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Gas Assist Injection Molding
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Gas Assist Injection Molding

Injection molding is a competitive and mature market. The choices a molder makes for production of its parts will govern whether the project yields a profit or bears a loss. Gas Assist Injection Molding (GAIM) is one production choice that can generate big returns by reducing major cost factors associated with the manufacturing of plastic parts.

In addition, GAIM stimulates innovative thinking in part design over a diverse array of applications. With the introduction of larger, intricate parts, tool manufacturers and part designers are looking for fresh modes of design. One such direction is the use of gaseous nitrogen in Gas Assist Injection Molding.

Gas Assist Injection Molding - Why Nitrogen?

Nitrogen is an inert, dry, non-toxic, odorless gas. Its ability to contact melts at high temperatures without introducing oxidation or splay makes it an ideal candidate for GAIM. In GAIM applications purity of the nitrogen gas required for clean part production varies based on the polymer type and additive package. Nitrogen purity levels typically range from 95 - 99.995%. Oxidation at melt temperature is the phenomenon often dictating nitrogen purity requirements.

The Bulk Business Group offers the complete nitrogen GAIM package. Our specially trained Application Engineers will consult with you to design a turnkey operation best suited for your situation. We supply cylinder gas to get you started and continues to work with you as you grow. As your GAIM use increases, we can assist in the evaluation of on-site nitrogen generation and/or a bulk liquid nitrogen installation.

Gas Assist Injection Molding - Process Description

In GAIM, conventional injection molding techniques are utilized in combination with the introduction of gaseous nitrogen. The material is melted and injected into a cavity mold using a standard injection molding press. As the melt begins to solidify the area in contact with the mold walls will harden first. At this point nitrogen gas is injected into the melt pressurizing it from the inside out. This internal pressure of the gas pushes the molten material to the extremities of the cavity. The gaseous nitrogen will always follow the path of least resistance. Once the material sustains an adequate cure, the nitrogen is vented, the mold is opened, and the part is ejected.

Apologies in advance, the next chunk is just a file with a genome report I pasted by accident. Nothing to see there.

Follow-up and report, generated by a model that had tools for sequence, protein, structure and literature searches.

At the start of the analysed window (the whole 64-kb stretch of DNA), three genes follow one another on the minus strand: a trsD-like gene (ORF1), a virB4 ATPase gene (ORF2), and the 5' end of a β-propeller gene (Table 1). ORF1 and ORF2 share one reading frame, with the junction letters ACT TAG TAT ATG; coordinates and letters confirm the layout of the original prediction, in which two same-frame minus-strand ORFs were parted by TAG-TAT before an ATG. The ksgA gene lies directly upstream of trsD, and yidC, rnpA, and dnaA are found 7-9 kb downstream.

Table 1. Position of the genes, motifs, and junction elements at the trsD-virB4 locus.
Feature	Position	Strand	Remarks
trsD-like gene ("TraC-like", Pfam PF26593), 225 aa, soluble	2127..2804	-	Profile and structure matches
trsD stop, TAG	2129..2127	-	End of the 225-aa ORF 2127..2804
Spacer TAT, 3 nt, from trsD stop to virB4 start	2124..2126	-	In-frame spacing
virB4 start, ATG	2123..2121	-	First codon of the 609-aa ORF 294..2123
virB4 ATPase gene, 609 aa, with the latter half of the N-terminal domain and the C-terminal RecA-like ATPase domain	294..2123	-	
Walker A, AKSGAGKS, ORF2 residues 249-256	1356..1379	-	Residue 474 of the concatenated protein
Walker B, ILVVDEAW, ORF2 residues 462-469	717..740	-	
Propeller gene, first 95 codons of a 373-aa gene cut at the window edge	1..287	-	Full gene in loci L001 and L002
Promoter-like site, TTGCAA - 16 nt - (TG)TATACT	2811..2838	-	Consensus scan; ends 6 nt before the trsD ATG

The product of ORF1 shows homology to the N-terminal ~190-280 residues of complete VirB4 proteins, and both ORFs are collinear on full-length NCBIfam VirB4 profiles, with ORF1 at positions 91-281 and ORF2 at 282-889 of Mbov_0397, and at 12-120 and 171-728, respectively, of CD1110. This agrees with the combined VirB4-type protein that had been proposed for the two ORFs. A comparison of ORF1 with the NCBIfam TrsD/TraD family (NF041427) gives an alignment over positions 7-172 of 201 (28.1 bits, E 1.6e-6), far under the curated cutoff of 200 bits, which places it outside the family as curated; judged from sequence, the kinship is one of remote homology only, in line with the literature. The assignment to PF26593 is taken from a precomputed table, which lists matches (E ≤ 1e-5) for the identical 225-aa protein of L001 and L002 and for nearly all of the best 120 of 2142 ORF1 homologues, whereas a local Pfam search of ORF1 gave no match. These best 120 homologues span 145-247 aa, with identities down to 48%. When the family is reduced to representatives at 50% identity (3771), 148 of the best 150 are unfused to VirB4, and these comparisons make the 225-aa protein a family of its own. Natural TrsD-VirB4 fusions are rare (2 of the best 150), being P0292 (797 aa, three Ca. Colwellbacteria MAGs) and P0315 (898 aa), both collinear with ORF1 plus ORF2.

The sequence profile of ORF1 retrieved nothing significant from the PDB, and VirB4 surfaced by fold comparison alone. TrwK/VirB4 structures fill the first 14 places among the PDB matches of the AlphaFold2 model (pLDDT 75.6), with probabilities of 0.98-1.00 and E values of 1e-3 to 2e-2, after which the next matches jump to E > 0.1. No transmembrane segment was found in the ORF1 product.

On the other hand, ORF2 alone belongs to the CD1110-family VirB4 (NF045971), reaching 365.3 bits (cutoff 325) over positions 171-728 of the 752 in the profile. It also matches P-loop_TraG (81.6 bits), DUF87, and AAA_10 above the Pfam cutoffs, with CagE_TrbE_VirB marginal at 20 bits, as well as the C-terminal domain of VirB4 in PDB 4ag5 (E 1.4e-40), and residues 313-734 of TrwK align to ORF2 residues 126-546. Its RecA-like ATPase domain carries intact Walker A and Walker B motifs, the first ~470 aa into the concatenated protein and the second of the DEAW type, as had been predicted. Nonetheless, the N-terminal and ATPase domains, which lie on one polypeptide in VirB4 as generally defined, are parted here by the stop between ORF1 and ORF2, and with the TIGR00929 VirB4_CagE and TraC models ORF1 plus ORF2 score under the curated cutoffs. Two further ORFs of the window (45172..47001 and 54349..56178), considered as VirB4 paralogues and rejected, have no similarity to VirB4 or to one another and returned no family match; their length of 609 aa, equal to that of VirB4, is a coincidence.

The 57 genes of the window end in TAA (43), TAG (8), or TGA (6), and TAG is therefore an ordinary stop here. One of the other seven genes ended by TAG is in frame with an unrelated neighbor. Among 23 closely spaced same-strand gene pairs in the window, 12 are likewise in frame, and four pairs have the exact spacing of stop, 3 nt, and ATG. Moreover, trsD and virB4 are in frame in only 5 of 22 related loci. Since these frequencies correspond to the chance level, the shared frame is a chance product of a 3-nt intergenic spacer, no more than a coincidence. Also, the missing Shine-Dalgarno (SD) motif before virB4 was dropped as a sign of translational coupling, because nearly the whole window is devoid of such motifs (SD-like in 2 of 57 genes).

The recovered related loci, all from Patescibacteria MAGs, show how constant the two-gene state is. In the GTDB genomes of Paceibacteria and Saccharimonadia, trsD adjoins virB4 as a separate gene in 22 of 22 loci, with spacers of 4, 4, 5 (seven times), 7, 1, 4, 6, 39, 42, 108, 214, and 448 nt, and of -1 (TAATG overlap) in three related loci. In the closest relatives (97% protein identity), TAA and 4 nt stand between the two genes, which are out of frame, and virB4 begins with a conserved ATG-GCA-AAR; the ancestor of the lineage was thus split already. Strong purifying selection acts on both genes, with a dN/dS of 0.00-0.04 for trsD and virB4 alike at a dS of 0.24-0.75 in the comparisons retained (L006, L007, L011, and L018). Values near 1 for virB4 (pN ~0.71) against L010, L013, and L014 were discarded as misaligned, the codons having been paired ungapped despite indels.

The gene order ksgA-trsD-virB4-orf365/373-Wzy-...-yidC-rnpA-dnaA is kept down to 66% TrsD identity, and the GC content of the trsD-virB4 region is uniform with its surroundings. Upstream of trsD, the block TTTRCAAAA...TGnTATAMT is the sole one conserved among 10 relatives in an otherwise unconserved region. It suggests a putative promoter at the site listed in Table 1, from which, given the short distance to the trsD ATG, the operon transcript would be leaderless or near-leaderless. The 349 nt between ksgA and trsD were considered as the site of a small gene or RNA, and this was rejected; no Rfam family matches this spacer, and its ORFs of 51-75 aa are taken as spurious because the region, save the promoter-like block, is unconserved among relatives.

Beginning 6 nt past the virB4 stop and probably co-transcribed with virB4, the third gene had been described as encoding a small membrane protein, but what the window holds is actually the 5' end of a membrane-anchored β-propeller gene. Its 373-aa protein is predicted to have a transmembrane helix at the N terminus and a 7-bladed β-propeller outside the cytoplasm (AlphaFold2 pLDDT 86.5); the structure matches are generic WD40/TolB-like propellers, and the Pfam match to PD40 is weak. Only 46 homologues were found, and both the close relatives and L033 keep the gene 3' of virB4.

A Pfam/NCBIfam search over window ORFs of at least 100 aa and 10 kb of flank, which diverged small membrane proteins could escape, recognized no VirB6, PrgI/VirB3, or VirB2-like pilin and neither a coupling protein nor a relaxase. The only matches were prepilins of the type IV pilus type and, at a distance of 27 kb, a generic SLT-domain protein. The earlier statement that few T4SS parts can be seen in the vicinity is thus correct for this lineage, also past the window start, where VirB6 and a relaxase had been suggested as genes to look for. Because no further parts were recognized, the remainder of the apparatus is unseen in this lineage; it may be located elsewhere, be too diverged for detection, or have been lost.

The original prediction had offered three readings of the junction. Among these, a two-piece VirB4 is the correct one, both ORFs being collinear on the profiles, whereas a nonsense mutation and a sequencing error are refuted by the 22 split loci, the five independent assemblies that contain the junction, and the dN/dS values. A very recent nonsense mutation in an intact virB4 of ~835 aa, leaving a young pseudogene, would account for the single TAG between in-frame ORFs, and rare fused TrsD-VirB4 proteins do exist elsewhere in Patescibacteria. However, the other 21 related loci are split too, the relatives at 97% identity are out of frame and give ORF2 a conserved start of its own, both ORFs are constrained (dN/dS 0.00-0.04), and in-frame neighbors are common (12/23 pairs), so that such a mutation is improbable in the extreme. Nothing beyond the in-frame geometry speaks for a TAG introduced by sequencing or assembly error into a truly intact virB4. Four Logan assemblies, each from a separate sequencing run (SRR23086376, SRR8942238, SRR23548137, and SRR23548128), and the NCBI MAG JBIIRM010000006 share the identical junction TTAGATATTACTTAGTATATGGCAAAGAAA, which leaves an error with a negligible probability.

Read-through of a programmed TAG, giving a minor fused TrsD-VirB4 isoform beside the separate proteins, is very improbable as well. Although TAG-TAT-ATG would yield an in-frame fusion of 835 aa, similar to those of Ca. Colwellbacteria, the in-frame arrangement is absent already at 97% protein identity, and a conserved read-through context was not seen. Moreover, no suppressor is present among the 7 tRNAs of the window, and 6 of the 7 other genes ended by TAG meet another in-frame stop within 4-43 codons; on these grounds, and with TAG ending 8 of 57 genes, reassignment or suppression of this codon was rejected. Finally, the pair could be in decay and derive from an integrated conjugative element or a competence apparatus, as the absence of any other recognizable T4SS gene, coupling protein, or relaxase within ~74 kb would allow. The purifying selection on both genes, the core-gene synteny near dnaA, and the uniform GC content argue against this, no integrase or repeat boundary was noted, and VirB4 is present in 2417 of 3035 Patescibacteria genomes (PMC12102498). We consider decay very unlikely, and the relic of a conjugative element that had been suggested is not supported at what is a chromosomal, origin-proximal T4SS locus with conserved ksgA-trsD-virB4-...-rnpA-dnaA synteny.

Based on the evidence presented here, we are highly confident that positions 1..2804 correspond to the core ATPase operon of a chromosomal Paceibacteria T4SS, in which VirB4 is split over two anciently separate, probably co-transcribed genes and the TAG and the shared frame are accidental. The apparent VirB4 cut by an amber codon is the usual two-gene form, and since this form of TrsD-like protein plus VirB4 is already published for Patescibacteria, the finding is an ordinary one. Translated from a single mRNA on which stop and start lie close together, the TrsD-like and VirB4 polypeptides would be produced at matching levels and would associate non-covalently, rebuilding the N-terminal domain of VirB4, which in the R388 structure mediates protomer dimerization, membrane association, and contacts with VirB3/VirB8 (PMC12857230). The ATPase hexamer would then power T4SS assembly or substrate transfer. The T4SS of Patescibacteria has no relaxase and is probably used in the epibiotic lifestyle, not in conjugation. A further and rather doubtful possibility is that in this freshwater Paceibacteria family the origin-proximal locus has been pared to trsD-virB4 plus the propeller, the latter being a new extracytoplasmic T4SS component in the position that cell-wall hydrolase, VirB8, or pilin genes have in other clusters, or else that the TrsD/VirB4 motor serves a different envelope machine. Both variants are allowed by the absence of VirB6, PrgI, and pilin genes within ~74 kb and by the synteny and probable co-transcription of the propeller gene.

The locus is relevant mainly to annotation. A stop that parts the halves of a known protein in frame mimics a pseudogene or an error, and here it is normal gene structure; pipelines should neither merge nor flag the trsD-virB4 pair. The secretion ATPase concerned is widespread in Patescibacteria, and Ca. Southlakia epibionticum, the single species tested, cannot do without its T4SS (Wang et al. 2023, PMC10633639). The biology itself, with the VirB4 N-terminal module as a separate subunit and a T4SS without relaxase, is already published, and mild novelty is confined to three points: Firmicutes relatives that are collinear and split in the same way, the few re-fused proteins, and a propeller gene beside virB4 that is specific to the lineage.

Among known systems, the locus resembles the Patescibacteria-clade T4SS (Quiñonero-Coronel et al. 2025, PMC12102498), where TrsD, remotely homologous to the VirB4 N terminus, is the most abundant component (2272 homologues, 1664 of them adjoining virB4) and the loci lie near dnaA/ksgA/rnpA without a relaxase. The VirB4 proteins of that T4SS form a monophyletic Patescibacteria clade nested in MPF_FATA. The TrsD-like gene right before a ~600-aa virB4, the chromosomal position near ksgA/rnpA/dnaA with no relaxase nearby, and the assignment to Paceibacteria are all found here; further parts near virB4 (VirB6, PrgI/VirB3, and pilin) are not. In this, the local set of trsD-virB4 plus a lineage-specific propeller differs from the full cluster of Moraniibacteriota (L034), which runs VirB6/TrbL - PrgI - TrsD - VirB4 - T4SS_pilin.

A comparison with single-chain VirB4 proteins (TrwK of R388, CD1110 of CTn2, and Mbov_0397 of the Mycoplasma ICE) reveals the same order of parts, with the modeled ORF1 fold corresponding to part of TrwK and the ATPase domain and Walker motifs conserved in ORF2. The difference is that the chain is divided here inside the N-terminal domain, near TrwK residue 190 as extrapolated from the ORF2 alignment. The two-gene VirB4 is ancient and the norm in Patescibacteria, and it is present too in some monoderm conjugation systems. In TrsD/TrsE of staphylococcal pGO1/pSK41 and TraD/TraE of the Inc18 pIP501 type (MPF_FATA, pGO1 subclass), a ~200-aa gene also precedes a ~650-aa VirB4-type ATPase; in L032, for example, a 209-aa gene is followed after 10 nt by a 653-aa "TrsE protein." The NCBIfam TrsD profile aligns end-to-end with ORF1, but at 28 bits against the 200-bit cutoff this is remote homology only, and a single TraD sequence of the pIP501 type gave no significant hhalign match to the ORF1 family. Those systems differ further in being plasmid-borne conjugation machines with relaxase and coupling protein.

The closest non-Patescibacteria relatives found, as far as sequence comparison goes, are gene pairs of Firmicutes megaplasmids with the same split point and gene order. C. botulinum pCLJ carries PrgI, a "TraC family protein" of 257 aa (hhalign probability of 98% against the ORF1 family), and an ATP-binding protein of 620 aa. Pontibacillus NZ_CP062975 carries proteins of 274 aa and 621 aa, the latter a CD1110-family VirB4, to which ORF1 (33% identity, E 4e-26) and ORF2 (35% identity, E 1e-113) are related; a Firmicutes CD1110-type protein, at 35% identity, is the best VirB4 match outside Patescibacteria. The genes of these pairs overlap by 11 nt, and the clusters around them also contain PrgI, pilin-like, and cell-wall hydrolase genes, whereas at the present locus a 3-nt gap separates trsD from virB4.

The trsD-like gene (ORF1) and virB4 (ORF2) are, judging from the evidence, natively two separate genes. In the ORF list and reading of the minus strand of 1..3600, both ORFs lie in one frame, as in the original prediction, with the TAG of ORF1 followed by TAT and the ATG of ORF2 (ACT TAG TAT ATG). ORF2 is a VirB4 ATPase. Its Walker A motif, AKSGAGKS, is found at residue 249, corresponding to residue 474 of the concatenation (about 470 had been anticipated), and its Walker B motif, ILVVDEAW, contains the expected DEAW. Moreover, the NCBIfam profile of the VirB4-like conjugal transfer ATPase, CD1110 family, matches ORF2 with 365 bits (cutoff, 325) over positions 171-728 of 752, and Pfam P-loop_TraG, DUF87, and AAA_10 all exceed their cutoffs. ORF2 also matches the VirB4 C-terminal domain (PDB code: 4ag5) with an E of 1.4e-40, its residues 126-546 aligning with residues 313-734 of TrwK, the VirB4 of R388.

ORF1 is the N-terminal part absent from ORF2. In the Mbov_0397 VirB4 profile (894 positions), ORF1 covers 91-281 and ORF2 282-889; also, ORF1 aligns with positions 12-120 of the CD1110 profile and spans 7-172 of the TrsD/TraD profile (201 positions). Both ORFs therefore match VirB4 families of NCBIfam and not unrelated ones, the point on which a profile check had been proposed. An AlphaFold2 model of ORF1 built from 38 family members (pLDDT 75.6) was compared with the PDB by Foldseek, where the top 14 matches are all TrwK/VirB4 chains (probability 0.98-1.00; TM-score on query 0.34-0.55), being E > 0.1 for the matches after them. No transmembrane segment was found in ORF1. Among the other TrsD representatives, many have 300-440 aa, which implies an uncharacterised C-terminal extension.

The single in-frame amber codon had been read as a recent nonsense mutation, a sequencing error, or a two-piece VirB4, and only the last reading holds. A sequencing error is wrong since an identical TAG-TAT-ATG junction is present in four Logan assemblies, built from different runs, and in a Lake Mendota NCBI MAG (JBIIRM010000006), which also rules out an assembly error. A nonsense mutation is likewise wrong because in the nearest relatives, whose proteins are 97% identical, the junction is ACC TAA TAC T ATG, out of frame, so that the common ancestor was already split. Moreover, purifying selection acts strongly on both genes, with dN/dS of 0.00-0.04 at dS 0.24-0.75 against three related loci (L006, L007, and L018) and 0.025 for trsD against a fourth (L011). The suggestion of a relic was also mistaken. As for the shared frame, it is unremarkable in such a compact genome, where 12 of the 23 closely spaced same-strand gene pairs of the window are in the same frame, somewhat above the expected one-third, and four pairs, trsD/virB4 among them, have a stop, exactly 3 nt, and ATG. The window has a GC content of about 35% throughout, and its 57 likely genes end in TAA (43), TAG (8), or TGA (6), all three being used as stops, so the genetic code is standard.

Gas Assist Injection Molding - System Benefits

In conventional injection molding the rule of thumb was that the polymer melt was designed to flow from a thick section to a thin section in a part. GAIM allows part and tool designers to think a little different. With the addition of nitrogen gas to a hot melt, polymer flow can go from thin to thick sections. This allows for greater design freedom and reduction of multiple part assemblies.Another significant advantage to GAIM is the ability to reduce warpage and distortion by abolishing molded in stress. The nitrogen gas is used to reinforce ribbed parts eliminating sink marks and surface blemishes. Nitrogen aids with uniform pressure distribution throughout the mold resulting in better packing and a more aesthetically pleasing part.

With the use of the internal pressure provided by the nitrogen gas the outer force needed to hold the part in its shape can be lowered. This provides a condition for larger parts to be produced with less tonnage on smaller machines. This will reduce the molders capital investment when purchasing new equipment.

Diminishing wall thickness and resin consumption will decrease the cure time needed for part production. Curing is the act in which polymer melts harden and hold shape. With GAIM, less polymer is needed which leads to faster cooling and lower cycle times, allowing the machines to increase part output. Nitrogen gas displaces some of the volume that is normally filled by resin. This results in a savings of polymer feedstock.